Rockton is a secret for the safety of its residents and the profits of its absentee council. In the first book, City of the Lost, we learned that some of those who have bought refuge here really belong in jail. Others technically should be in jail, but there were extenuating circumstances. Casey herself and Deputy Will Anders fall in that second category.

The living conditions are more rural 19th Century than 21st. The town is made of wood. Candles and kerosene lamps provide light. Fireplaces provide heat. There's a lumber house and an ice house. Top tier residents get their own house. (Casey and Eric are top tier). Middle tier residents get one floor of a house. The rest get bachelor apartments. The women are very much outnumbered by the men, but there is a brothel staffed by volunteers. No pets are allowed, but Casey has a puppy being trained as a tracking and cadaver dog.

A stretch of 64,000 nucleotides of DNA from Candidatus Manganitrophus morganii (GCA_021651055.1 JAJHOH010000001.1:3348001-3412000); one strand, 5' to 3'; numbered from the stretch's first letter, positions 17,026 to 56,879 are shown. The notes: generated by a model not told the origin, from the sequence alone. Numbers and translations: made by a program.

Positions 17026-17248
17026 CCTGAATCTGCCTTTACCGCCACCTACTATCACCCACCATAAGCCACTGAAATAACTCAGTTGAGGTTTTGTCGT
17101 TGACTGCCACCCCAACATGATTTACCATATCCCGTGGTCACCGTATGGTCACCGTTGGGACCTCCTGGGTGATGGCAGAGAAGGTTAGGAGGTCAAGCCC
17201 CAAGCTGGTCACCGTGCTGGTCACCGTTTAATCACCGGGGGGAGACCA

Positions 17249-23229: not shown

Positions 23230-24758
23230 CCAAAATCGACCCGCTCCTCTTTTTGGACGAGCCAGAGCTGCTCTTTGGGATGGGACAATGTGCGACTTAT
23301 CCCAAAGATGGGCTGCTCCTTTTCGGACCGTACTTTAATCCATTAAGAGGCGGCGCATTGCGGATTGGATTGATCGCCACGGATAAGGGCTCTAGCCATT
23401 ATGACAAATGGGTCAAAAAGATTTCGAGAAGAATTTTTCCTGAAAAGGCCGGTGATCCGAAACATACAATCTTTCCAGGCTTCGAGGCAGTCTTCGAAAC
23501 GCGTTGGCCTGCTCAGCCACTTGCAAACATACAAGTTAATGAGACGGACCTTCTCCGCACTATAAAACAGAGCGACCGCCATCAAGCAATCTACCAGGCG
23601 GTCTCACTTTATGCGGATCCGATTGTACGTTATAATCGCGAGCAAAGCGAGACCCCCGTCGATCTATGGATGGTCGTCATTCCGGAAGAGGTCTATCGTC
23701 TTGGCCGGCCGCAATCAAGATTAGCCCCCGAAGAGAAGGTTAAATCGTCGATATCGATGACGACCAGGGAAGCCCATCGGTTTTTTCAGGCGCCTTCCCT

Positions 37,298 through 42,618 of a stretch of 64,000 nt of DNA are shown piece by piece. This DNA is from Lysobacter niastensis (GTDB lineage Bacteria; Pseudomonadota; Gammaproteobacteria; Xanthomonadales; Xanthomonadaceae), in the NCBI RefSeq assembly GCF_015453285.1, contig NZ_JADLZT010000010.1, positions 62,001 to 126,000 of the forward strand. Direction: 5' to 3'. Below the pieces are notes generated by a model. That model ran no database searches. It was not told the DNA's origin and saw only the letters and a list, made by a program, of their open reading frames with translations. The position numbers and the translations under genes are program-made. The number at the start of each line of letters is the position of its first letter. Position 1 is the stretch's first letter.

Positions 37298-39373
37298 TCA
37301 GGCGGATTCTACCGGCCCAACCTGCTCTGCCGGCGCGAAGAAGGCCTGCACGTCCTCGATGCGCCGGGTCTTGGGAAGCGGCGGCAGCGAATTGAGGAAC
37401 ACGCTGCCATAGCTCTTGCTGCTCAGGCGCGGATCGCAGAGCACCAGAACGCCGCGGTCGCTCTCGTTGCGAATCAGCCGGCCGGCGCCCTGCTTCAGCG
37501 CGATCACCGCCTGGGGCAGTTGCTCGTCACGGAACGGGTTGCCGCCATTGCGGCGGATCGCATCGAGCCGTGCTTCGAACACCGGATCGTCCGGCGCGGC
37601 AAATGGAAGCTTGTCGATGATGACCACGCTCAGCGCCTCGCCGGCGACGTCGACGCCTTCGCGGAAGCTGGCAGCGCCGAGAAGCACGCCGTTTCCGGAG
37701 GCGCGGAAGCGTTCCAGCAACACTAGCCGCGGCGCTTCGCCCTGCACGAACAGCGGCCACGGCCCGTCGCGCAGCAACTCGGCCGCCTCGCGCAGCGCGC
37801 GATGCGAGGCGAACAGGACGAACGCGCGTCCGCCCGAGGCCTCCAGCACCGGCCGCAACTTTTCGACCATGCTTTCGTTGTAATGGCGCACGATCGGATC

Rockton residents' nearest neighbors are settlers and hostiles, and the settlers aren't that friendly. There are dangerous wild animals around, too. Residents are not supposed to walk in the forest whenever they feel like it.

Rockton's council accepts plenty of money to allow a young serial killer six months' residence. The story is that the killer's stepfather is hoping Rockton will make Oliver Brady willing to be exiled to an island. What warning do Casey and Eric receive? Brady is dropped off, bound and gagged, with a letter listing his crimes, and some coffee.

Of course Brady claims he's innocent and his stepfather wants him dead. Before we find out the truth more than half-a-dozen men and women will die, not all of them cannon fodder characters.


Chapter 1:

a. Aside from Sharon, the heart attack victim, see book two, A Darkness Absolute, for how the women being buried died.

b. Mentions: Bay Street, Dawson City, and sour toe cocktail

Chapter 3:

a. See book one, City of the Lost, for more details about what happened to Casey when she was 19.

b. Oliver Brady is 27. We learn a little about his alleged crimes.

c. Isabel Radcliffe has managed to stay in Rockton for more than five years, the usual maximum stay. Casey tells us why the former counseling psychologist has power in Rockton that's second only to the Sheriff's.